That tweet didn’t come on Wednesday night. The reasoning there would be that the play was not reviewed, because such plays are not subject to review — for reasons unknown. In a world where the Colorado Avalanche can lose a goal because of grainy, zoomed-in footage of a skate blade being offside, and in a world where there’s no time limits on offside reviews, and in a world where the situation room can examine near-goals for as long as it deems necessary, the NHL is not allowed to spend 3 seconds watching a replay that would negate a game-winning goal that should not have counted.

And on NHL.com on Thursday morning, you’d really have to work in order to find mention of the controversial game-winning goal. The top story on the website only mentions that Karlsson scored the game-winner, with included links to a story about Joe Thornton and Karlsson, and another link to general Blues-Sharks coverage. The headlines section of the website didn’t mention the controversial ending, and even the blurb under the game summary failed to mention the hand pass.

And in what is a much more egregious offense, the NHL edited out any and all commentary regarding the hand pass when posting a video clip of the game-winning goal to Twitter:

That’s just absolutely stunning. It’s a clear attempt by the league to try to rewrite history.

It appears as though rather than address a fault, the league would prefer to remain as quiet as possible, hoping the storm will pass. (The league must simply be following The Roger Goodell Plan, which was executed masterfully after a season-altering missed call in the NFC Championship Game in New Orleans this past January.)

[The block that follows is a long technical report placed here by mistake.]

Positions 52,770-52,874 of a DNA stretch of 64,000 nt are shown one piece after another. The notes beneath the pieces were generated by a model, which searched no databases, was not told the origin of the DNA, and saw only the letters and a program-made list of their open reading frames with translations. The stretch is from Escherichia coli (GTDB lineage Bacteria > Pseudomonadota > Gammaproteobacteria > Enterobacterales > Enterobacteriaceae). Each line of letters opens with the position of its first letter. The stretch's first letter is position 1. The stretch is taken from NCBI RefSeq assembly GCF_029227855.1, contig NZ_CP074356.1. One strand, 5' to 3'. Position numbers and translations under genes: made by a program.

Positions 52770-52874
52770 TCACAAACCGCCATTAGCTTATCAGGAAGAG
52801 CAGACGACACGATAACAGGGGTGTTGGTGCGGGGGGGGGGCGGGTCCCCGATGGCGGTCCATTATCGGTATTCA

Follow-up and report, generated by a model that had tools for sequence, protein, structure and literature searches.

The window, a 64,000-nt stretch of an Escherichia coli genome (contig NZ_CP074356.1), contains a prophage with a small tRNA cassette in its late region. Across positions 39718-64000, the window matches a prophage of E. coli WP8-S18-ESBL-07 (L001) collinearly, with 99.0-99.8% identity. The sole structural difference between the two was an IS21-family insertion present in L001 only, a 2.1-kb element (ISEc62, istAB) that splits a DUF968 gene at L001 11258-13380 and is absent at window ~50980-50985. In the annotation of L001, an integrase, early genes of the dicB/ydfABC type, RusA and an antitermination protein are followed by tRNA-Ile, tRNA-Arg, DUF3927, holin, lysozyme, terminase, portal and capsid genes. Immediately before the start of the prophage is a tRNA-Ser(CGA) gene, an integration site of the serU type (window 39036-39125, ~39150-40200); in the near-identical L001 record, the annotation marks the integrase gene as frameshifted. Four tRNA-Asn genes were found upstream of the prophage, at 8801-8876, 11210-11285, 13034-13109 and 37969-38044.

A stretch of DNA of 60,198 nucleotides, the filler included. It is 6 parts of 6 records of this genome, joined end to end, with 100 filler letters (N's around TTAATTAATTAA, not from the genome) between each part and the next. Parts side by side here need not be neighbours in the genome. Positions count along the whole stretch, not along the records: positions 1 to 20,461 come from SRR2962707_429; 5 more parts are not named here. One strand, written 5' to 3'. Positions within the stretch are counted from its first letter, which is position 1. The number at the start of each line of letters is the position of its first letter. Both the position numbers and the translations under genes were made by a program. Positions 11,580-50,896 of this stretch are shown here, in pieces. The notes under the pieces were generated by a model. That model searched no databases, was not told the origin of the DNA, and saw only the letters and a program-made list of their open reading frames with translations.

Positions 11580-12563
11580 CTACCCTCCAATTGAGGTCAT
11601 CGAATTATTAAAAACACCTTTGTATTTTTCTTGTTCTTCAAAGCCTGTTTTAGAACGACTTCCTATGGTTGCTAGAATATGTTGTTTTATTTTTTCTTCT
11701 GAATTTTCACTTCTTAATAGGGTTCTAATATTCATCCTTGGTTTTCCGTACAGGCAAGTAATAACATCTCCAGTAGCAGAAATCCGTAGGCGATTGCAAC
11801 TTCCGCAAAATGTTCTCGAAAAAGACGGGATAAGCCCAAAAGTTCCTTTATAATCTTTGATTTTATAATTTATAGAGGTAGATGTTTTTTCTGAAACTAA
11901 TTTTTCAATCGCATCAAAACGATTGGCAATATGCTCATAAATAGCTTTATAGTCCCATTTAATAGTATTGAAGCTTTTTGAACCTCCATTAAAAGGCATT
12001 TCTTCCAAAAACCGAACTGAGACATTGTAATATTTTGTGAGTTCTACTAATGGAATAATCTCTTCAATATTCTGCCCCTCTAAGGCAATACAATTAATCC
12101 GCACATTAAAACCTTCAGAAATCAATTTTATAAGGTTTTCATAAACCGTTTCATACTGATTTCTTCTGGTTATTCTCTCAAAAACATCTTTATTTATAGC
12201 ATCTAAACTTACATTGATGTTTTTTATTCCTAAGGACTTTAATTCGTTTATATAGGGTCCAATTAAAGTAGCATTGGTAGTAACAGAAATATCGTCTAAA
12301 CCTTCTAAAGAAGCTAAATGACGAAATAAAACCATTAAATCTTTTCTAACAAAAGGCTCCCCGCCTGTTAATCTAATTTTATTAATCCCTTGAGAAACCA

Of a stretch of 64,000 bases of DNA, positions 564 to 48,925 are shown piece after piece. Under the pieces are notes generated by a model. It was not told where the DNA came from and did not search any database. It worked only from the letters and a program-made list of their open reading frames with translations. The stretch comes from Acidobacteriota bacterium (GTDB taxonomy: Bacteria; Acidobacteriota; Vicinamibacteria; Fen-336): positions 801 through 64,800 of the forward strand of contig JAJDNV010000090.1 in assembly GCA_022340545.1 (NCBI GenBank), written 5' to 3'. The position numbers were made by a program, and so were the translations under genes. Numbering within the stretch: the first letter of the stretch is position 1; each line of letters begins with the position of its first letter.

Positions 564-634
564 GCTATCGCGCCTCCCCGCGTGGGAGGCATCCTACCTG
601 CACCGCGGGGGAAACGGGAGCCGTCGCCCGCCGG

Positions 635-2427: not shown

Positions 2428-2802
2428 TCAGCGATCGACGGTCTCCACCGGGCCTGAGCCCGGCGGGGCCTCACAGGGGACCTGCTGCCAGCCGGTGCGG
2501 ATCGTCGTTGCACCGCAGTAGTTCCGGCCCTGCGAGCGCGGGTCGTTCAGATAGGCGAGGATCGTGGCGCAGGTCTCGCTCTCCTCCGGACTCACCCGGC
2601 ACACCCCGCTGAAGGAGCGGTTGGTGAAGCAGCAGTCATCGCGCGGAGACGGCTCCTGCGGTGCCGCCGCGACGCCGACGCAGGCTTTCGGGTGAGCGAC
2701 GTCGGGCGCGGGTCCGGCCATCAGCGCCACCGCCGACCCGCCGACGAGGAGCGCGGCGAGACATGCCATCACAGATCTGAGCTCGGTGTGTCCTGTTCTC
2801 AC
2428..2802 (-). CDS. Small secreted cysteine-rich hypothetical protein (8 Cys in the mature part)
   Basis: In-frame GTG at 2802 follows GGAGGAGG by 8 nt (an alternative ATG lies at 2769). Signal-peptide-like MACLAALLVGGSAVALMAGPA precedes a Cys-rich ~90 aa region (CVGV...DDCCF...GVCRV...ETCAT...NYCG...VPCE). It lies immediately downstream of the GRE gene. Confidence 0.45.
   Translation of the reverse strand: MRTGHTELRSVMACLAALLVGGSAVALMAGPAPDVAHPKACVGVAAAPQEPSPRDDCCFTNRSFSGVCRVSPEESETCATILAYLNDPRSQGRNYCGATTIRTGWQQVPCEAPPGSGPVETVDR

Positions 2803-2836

The internet being what it is, some hockey fans broke down frame-by-frame examinations that perhaps show either Meier either directing the puck with his stick after the hand pass or the puck glancing off the leg of Blues defenseman Jay Bouwmeester. Some have suggested that Meier completely whiffed on the hand pass attempt, and that the puck merely caught a lucky bounce when redirecting toward the front of the net.

That’s all a little much. A puck was in the air, a player batted at it, the puck then was sent to an advantageous spot on the ice, where a teammate was first to touch it before making a quick pass for the game-winning goal to be scored. It should not have counted.

The NHL rulebook states: “A player shall be permitted to stop or ‘bat’ a puck in the air with his open hand, or push it along the ice with his hand, and the play shall not be stopped unless, in the opinion of the on-ice officials, he has directed the puck to a teammate, or has allowed his team to gain an advantage, and subsequently possession and control of the puck is obtained by a player of the offending team, either directly or deflected off any player or official.”